Alternating with these accounts and stories, Weldon also offers autobiographical detail, plucking odds and ends together but in general filling in the period after that described in Auto da Fay. She sketches in all sorts of successes and failures from her life, including much about her writing efforts but also just trying to juggle work, men, children, and the writing life -- amazingly adaptable and resilient in the process. The narrative bounces along, barely lingering at any point (though returning to some repeatedly), introspection offered both regarding fact and fiction but tossed off quickly.
       The fiction that runs alongside fact is of the more familiar Weldon sort, an unlikely -- indeed, unbelievable -- occurrence used to illustrate the lives and roles of men and women, all quite cleverly and thoroughly engagingly done.
       It makes for an odd mix, never less than entertaining, but oddly surreal throughout -- the fact as much as the fiction. Typical, perhaps, is her description of finishing her third novel and bringing it to the publisher of her first two, MacGibbon and Kee, only to find:
that they had shut up shop for good that very morning. I asked a remaining member of staff, left to label the last packing cases, what she thought I should do with it, and she said she believed there was a publisher around the corner called Heinemann, why didn't I leave it at reception there ? They did novels, she thought.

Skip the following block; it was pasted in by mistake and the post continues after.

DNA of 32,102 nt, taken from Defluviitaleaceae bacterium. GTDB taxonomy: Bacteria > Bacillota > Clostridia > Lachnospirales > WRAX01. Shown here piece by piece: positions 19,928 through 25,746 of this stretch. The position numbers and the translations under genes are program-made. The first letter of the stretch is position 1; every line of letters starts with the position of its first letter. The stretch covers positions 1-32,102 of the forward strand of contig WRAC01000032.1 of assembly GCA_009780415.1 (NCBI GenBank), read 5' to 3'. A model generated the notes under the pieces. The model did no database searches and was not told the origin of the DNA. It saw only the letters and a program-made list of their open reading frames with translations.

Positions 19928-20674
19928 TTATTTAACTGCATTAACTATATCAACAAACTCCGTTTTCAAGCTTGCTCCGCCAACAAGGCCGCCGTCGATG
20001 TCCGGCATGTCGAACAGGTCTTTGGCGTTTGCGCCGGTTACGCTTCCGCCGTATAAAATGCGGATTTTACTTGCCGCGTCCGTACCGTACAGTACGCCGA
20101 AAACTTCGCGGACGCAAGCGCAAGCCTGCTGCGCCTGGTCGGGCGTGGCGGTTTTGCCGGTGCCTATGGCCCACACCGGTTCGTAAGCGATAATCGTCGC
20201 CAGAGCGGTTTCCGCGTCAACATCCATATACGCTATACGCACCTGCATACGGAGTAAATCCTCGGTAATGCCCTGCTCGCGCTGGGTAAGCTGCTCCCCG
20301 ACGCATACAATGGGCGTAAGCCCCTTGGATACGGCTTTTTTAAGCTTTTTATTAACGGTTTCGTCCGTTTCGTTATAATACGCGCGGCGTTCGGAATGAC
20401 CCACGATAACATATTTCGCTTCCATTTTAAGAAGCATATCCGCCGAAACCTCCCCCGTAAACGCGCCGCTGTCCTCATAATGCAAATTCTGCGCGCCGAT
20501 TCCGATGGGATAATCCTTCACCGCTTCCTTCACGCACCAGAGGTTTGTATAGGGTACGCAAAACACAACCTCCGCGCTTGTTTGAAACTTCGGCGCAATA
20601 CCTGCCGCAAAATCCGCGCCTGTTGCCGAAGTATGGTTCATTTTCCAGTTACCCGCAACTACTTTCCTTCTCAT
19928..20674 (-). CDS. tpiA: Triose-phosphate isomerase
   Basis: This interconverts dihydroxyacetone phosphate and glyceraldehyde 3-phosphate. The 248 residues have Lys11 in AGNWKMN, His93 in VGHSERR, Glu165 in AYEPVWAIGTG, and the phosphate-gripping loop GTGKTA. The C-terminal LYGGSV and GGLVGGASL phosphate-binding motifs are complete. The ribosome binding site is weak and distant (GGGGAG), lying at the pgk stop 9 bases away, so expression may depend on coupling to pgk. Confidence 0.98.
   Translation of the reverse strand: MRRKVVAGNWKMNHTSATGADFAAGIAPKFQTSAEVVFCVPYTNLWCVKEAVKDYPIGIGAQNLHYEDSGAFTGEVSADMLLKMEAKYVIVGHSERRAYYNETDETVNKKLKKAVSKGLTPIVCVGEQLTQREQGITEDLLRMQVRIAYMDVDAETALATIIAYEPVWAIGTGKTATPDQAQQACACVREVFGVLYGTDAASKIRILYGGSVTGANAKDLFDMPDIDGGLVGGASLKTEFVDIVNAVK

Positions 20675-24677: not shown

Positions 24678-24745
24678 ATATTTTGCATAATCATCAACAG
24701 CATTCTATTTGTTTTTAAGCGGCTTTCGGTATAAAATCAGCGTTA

Drop it off at reception she did and -- amazingly, but also typically for Weldon (in both real life and her fiction) -- she got a call back a week later saying they'd love to publish it.
       It all makes for a fun if often bumpy ride, with many significant facts -- including her children -- hardly more than incidental. Despite this, it does make for a revealing portrait -- or at least allows Weldon to present herself as she wishes to be seen. And it is a good read throughout.

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Links:

Mantrapped: Reviews: Fay Weldon: Other books by Fay Weldon under review: Other books of interest under review:

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About the Author:

       Fay Weldon, born in England and raised in New Zealand, received her M.A. in economics and psychology from St. Andrews University in Scotland. She is the author of nearly two dozen novels.

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© 2005-2009 the complete review